“Listen Up!” is an intricate funk-laden tune that has Scott Tibbs stretching out on piano and Omar erupting on the kit for a mondo drum solo. A surprise here is the reprising of “Molasses Run,” a tune that Hakim originally wrote for Weather Report’s 1982 album Procession. Saxophonist Francheschini also unleashes on this potent number from last century. “This song is considered by a lot of my fans as a signature Omar beat,” says the drummer-composer. “So I needed to include a version of the composition that was a little closer to what I was hearing in my head in terms of the harmonic density. When we did it in Weather Report, Joe Zawinul actually made the harmonic part of it very stark and very open sounding. This particular version is a little more lush harmonically. And there’s a lot of ear candy in there as well.”
“Forever Friend,” co-composed with keyboardist Scott Tibbs, came together very quickly. “I came up with the bass line idea and we just started jamming a melody,” says Omar, “and an hour later we had this tune. It’s some nice pocket funk but it also points to the idea of some mystics believing that the human body is the church, the temple, the synogogue, the mosque, whatever structure that you relate to as a house of worship. And really, the human body is that temple. Your creator/god or whatever name you give the higher power is actually in your own temple, within you and even as close to you as your own breath. And that energy or that power is actually your real friend, you forever friend. So that’s kind of where I was coming from with that title. And also it points to my camaraderie with Scott as well.”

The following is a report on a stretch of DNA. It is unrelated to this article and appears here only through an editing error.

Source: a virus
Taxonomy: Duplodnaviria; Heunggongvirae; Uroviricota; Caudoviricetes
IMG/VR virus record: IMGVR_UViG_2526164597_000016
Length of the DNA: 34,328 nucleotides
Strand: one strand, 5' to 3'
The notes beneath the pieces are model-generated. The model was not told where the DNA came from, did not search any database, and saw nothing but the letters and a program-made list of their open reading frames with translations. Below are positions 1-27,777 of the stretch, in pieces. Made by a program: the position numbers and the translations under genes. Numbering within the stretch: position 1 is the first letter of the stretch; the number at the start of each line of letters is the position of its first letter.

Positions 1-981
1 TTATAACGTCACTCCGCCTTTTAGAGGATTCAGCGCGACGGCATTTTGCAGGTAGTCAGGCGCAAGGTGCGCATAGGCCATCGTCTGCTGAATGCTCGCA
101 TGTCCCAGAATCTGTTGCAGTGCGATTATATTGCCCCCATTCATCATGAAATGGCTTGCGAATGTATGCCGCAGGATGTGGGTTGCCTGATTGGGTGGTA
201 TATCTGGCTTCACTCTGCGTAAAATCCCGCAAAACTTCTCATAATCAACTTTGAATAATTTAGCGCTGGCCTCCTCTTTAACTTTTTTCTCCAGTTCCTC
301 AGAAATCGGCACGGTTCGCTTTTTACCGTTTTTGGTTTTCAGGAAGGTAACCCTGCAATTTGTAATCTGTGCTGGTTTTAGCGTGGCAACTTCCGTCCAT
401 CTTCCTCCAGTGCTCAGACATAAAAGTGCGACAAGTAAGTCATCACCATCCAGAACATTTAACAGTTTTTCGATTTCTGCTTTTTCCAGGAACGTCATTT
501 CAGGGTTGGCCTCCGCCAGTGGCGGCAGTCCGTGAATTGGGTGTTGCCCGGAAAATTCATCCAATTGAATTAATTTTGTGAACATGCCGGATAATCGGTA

The final track, the mellow “We Are One,” is kind of a synopsis of the whole concept record. “I wrote words to that one which are very simple, almost like a state of meditation: ‘View the world in a glance/take the time to watch creation’s dance/feel His grace, the power of the One/with every breath, remember His love/open your heart, remember we are one.’”
Says the drummer-composer of his third recording as a leader: “I always try to play from a spontaneous emotional place so that the tunes feel like they’re happening at that moment, that they’re not planned at all. And as a result, in a live performance, they’re always going to be different. And I guess that’s really what the spirit of jazz is at the end of the day. And though it wasn’t my goal to make a jazz record, per se, I think that my jazz upbringing kind of informs everything I’m doing whether I’m playing rock or funk or whatever. The part of jazz that makes you explore possibilities of a musical idea, that ‘in-the-moment-ness’ of jazz, gives you a wider palette to work with musically and technically. My career has been about doing a little bit of everything. That was very much intentional for me. I wanted to get myself in a position where people would call me to contribute and hopefully enhance their musical experience. But all those experiences, for me, where also informed by that spirit of in-the-moment-ness that jazz is all about.”
With Omar composing all the tunes as well as arranging and playing on every track, and also engineering a bulk of the album, We Are One stands as the great drummer’s magnum opus in a long and illustrious career.